Aug. 14 Lembata Festivities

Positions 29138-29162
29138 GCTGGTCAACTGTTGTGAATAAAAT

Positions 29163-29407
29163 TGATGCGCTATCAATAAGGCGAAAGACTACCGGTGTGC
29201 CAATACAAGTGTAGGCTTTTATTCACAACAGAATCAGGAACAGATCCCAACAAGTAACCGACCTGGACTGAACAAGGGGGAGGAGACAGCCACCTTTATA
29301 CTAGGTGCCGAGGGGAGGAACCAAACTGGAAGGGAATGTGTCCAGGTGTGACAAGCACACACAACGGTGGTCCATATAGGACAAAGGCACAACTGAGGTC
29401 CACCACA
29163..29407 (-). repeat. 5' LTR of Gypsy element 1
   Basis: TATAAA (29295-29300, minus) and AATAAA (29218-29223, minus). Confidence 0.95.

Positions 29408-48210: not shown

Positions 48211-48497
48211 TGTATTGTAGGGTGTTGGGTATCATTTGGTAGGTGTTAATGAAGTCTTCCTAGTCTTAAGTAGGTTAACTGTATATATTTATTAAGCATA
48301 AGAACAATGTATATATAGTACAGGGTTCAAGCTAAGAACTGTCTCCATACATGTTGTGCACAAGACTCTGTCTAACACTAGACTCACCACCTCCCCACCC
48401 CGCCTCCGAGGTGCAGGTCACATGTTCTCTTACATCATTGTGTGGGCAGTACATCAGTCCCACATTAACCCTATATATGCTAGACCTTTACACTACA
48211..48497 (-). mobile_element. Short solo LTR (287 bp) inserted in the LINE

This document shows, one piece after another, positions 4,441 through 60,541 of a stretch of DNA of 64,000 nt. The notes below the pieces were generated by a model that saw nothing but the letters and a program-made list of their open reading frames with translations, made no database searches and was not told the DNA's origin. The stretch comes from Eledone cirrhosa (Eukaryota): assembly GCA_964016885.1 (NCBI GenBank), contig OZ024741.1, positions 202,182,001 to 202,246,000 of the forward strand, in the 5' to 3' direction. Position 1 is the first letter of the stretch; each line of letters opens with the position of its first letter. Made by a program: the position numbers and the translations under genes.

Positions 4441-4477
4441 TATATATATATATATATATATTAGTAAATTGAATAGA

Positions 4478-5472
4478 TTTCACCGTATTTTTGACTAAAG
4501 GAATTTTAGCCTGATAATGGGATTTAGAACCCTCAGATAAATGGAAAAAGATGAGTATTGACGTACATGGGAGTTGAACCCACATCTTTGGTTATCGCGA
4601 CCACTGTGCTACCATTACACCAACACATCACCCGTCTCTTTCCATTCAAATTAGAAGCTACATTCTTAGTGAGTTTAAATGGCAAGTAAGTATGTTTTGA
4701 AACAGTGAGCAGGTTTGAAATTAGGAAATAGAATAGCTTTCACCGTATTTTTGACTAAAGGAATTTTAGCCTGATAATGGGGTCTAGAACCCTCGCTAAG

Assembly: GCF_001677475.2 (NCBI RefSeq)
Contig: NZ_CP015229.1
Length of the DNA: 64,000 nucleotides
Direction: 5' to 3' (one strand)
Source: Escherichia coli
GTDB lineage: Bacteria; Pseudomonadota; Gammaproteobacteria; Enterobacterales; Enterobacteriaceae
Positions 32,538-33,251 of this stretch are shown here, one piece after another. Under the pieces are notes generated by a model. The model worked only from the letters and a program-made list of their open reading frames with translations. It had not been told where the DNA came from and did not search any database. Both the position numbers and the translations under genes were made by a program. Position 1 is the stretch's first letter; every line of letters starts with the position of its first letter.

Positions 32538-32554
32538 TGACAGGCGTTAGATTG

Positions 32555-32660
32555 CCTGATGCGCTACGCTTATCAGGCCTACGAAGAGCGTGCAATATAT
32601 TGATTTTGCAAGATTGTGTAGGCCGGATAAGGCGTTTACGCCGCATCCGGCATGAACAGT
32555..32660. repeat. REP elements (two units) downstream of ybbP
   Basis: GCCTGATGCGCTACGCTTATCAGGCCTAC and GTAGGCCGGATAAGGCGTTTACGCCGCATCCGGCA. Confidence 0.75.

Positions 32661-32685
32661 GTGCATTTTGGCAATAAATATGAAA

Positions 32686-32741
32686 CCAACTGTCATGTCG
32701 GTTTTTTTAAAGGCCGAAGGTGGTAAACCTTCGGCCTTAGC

When we first arrived in Lembata and met Max, the Dept of Tourism official, he asked me to become the "Official Representatives of the Yachties." I did my best to get out of it, but finally agreed to become the "Cultural Representative" and give a speech (!) at the official welcoming ceremonies. Max was Master of Ceremonies for the evening, and things began around 7 pm. But, I'm getting way ahead of myself. At 2 pm, the Official Welcome to Lembata began, with the Regent and Vice-Regent of the Lembata Province opening up the festivities. Sue and I were both fitted with serongs and ornamental palm headdress, and offered the betel nut with drink? as an introduction and welcome to the village. Being gracious visitors, we both chewed the betel nut and made motions to smoke the tobacco offered, but then the gate was opened for all the yachties, and a parade ensued to the downtown area. The school children and teens were all costumed, and about 300 people in the parade wound around to a large sport field area where native dancing took place. Of course, Sue and I were "required" to participate, so we humbly tried to follow the footsteps in what appeared to be a kind of line dance, and did our best to keep up. The villagers wanted to take lots of pictures with us, so it was quite a scene. We finally returned to the waterfront, and sat for a bit before the evening festivities were to begin. The local Officials made their speeches, and then I got up and spoke four lines of Bahasa Indonesian to welcome the Officials and thank the town on behalf of the yachties. There were loud shouts of appreciation and applause at my attempts, and my very short speech seemed to go quite well; at least everyone else thought so! Traditional dancing performances then took place, and we eventually lined up for a buffet meal of delicious traditional Indonesian food. There were, I estimate, about 125 yachties present, and lots of villagers, so the amount of food prepared was prodigious. During the dinner, more presentations took place, and after dinner, Sue and I were, once again, called forth to dance with the locals. Things finally wound down at 9:30 or so, and we returned to Infini tired, but having had a wonderful experience with these very friendly people. It was a unique opportunity for a cultural exchange, and we felt we had made the most of it. We heartily recommend Lembata as a stop for future Rally participants and other cruisers.

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